Lead Performer: Lawrence Berkeley National Lab – Berkeley, CA
DOE Funding: $600,000
Cost Share: $67,000 (California Energy Commission)
Project Term: October 1, 2014 - September 30, 2016
Related Projects: EnergyPlus
Modeling the energy consumption of existing buildings can be challenging due to the fact that some model inputs that have a significant impact on simulation results are difficult to obtain. Important, difficult-to-obtain parameters include actual occupancy, lighting and plug load schedules, infiltration rate, internal thermal mass (i.e. thermal mass of the contents in the building), real envelope thermal properties (i.e. installed and potentially degraded), and real equipment efficiencies (i.e. installed and potentially degraded). Some of these can be derived using sensor or submeter data, but two in particular cannot, namely the infiltration rate and internal thermal mass — it is seemingly impractical to meter or sense furniture and books or individual cracks in the building envelope.
This project seeks to overcome this measurement challenge by providing a new calculation pathway, which will replace infiltration and thermal mass inputs with zone temperature stream inputs, which can be easily obtained via thermostats. This approach is similar in spirit to a calibration approach, which would try to guess infiltration and thermal mass inputs using a zone temperature stream for comparison. However, the “built-in calibration” approach should yield better accuracy and will not require multiple simulations to iteratively zero in on the missing inputs.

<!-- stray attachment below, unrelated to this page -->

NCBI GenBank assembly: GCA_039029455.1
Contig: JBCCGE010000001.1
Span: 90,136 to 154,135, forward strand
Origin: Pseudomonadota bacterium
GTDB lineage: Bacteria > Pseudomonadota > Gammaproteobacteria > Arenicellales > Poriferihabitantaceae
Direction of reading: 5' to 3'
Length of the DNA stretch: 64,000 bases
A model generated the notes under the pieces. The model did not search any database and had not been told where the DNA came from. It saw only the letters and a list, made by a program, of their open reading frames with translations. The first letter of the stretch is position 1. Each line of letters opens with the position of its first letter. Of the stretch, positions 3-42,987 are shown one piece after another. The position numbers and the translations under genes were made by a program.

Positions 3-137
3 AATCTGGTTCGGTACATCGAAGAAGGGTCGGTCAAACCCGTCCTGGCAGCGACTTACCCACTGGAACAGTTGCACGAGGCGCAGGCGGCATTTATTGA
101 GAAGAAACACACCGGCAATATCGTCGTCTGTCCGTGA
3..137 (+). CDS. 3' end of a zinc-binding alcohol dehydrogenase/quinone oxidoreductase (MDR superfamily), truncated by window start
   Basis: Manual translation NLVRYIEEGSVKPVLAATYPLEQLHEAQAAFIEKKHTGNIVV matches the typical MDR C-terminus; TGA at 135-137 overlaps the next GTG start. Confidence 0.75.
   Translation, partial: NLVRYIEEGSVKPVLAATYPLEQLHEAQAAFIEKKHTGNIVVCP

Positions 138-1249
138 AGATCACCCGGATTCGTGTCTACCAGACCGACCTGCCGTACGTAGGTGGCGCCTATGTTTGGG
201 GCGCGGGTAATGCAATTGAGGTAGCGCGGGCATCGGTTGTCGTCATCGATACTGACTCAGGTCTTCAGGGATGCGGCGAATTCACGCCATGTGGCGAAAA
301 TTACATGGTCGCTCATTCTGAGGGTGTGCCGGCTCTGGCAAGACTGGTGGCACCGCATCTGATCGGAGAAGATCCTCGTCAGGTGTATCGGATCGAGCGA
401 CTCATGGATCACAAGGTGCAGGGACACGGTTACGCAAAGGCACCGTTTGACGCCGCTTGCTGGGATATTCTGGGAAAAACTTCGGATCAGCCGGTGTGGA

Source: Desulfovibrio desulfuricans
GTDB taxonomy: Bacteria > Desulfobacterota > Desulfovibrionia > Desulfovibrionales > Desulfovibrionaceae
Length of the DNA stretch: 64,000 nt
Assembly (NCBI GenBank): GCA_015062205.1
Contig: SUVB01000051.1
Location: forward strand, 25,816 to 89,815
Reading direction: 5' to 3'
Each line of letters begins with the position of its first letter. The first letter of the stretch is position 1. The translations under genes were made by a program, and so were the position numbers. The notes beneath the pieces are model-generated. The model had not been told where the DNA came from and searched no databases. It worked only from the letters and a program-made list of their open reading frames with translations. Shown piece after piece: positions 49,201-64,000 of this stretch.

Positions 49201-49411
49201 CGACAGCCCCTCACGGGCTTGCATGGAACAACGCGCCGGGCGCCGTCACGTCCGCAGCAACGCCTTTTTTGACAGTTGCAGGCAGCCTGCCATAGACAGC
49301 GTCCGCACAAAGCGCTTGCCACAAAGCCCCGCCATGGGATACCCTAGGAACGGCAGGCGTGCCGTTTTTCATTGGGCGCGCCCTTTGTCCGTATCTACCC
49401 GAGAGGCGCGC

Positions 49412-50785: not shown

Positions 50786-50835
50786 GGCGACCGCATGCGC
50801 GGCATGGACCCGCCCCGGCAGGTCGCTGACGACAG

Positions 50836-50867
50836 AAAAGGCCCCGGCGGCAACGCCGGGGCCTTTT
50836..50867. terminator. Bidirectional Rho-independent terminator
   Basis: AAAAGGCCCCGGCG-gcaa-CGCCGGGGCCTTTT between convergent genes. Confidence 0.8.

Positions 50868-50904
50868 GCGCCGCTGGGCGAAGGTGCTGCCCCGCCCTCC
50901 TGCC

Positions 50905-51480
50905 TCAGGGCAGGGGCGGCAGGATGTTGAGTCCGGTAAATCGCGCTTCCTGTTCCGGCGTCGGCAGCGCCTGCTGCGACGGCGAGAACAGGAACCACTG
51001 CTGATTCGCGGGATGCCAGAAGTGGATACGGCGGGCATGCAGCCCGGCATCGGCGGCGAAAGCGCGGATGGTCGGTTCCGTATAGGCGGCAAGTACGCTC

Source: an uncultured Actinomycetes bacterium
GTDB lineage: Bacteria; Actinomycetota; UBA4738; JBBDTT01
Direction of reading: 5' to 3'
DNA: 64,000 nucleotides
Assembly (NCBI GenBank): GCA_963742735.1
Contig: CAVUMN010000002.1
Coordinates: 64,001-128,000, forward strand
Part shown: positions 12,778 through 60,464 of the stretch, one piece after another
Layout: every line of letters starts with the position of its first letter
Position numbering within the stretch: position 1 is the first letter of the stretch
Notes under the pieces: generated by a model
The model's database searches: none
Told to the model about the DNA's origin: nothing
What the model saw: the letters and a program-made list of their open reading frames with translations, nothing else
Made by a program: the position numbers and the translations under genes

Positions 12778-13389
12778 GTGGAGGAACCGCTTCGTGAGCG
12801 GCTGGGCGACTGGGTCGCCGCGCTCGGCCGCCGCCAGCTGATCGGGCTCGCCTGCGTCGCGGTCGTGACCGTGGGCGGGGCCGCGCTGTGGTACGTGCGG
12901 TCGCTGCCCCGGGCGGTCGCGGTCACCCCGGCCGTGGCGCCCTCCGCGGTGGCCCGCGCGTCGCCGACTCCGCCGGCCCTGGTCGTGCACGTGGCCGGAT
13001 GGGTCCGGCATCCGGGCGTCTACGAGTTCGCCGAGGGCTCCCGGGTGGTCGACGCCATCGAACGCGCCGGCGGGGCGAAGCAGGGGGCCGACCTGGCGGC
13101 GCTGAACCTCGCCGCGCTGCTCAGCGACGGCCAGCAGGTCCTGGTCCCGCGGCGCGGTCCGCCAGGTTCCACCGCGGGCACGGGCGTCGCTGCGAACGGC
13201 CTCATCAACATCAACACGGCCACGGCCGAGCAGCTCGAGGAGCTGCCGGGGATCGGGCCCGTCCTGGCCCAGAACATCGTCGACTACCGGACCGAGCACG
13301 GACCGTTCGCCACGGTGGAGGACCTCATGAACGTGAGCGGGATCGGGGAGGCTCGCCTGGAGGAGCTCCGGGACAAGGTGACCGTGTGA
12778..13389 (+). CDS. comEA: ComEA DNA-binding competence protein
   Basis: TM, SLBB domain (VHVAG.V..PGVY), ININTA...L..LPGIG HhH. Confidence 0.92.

The first phase of this project will test the proposed alternative calculation pathway to ensure the results derived from corresponding zone temperature streams are acceptably close to traditional physics-only simulation techniques. The second step will test both physics and hybrid calculation schemes using LBNL’s FLEXLAB test facility. The validated algorithms will be implemented into a future release version of EnergyPlus.
Building energy modeling can play a large role in improving the energy efficiency of existing buildings, by informing both operations and retrofits. The end product of this project will simplify and help automate the process of creating a calibrated model for existing buildings, which in turn can increase both the frequency and the efficiency with which modeling is used in existing building projects.
The implementation within DOE’s open-source energy modeling engine, EnergyPlus, provides a clear path to market via EnergyPlus’ existing vendor partners.
- DOE Technology Manager: Amir Roth
- Lead Performer: Tianzhen Hong, Lawrence Berkeley National Laboratory